How can cyclists protect themselves against air pollution?

A female cyclist attempts to protect herself from air pollution. Image: Getty.

The popularity of cycling in London continues to rise: according to statistics published by Transport for London (TfL), the number of journeys made by bicycle in London grew by 5 per cent in 2018. The transport agency has attributed the upwards trend in cycling to its investment in cycling infrastructure, not least the seven Cycle Superhighways and 12 Cycle Quietways the city now boasts.

Cycling is widely reported to result in health benefits for participants, and cyclists can expect to achieve improvements in both their physical and mental health as a result of switching from public transport or car to a bike. But with air pollution levels remaining stubbornly high across London, should cyclists be concerned that the health benefits they achieve as a result of cycling are actually being outweighed by the dangers posed by increased exposure to air pollution? 

Unlike during the Great Smog of 1952, air pollution today is often invisible to the naked eye. Nonetheless, London breached the European and UK air quality annual limit on 18  March when, for the 36 time this year, levels of pollution particles recorded at a measuring post exceeded the agreed limit. (EU rules allow 35 breaches a year.) Whilst this is a marked improvement on 2018 when the annual limit was broken on the 5 January, it reminds us of the risk that air pollution continues to pose to Londoners today. 

The rise of respirator masks

Anyone who has cycled or walked along one of London's cycle paths in recent years is likely to have seen someone resembling Darth Vader cycling towards them. Protection masks, which are becoming increasingly popular amongst the cycling community, range from cotton surgical masks to respirators with in-built air filtration systems that cover a significant part of the cyclist’s face. 

But do masks actually work and are they worth the investment? 

Cotton masks categorically do not protect wearers against the inhalation of airborne particles. Whilst they can be somewhat effective in protecting against the spread of illnesses, they will not protect a cyclist from air pollution.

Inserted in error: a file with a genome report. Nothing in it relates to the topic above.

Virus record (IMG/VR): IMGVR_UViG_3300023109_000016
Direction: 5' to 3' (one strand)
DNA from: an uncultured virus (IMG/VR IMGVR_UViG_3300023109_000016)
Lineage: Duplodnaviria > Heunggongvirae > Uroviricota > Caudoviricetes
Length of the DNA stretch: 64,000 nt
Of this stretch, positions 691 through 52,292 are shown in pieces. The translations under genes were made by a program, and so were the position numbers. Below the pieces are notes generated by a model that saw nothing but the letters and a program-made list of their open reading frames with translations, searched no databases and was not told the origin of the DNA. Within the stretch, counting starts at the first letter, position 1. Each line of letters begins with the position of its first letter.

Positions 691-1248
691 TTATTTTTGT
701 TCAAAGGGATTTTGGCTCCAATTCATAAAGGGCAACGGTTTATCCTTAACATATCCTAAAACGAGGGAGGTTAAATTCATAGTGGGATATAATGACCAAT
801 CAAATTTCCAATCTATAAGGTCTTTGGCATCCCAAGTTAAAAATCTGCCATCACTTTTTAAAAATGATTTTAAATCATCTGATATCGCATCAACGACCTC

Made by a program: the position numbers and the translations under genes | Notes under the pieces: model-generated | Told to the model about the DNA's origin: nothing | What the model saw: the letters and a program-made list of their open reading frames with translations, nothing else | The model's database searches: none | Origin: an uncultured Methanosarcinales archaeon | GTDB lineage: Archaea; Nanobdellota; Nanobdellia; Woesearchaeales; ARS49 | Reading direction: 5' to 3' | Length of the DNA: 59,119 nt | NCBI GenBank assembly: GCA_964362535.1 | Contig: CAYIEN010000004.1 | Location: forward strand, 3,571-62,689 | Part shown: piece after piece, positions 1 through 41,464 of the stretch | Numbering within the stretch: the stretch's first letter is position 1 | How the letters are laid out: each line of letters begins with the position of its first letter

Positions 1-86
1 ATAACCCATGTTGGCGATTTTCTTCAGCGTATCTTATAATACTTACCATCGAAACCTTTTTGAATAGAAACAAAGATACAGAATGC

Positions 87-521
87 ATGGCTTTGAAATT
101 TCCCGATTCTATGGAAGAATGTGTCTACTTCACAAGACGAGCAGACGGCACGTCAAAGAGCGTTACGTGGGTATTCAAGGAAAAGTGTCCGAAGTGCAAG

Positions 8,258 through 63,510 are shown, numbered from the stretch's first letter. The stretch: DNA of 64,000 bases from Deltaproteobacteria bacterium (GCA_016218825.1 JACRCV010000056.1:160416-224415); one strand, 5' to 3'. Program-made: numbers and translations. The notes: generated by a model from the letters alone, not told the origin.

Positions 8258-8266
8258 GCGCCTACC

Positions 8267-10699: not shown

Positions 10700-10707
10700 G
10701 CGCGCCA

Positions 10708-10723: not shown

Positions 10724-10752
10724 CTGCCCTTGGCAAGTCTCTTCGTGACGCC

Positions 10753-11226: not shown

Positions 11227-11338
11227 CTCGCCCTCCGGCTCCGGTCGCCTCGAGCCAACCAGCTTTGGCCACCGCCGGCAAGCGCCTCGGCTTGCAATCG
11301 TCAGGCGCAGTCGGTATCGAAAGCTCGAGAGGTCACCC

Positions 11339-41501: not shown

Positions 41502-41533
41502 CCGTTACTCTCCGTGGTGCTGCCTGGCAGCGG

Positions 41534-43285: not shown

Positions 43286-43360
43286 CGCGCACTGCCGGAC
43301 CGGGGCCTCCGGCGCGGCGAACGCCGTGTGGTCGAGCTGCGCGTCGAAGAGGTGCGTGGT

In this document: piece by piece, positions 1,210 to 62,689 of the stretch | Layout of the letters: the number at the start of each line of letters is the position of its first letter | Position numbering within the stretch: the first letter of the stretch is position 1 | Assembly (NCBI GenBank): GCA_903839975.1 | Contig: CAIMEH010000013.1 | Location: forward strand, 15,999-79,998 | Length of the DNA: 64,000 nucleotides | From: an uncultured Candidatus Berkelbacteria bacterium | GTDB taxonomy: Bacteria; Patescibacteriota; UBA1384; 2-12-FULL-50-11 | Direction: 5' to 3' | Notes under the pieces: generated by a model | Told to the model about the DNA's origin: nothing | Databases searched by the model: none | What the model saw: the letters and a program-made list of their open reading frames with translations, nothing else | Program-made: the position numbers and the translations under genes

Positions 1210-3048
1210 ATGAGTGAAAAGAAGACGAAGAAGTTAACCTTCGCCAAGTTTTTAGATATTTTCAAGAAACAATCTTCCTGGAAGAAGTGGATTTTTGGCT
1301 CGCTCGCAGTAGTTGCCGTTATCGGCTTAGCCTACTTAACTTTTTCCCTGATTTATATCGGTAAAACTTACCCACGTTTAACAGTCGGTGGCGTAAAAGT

Respirator cycling masks, which range in price from £25 to over £50, are a more sophisticated option. “N99” respirators are said to remove up to 99 per cent of airborne particles from inhaled air. But the particles that cause air pollution today are extremely small, which makes it particularly challenging for respirators to effectively block them from entering the human body. 

Another complicating factor is the fit of the respirator against the human face. Studies have concluded that under “perfect” conditions respirators do effectively filter pollution out of inhaled air. However, when actually fitted to a human face, respirators are often not able to form an effective seal against skin, which ultimately renders them useless. Features such as facial hair and short noses make is particularly challenging for a seal to form. 

The findings of studies into the effectiveness of respirator cycling masks are somewhat mixed – but point to the ineffectiveness of current designs. 


So what can cyclists do to protect themselves? 

The best intervention a cyclist can make to reduce their exposure to air pollution is to avoid the most polluted streets and roads. TfL’s Quietways are an easy way for cyclists to identify the less busy and less polluted roads (although TfL has announced it will be merging the Quietway and Cycle Superhighway networks into a single Cycleways cycle network during summer 2019). 

Cyclists may also consider reducing their cycling speed to reduce their inhalation of airborne particles. The faster and deeper we breathe in polluted air, the more pollutants are delivered to our lungs. Therefore slowing down and reducing their amount of exertion will go some way to protecting cyclists from air pollution. 

Finally, cyclists should check air quality forecasts and make informed decisions regarding their chosen mode of transport on a particular day. TfL provides daily forecasts on its website.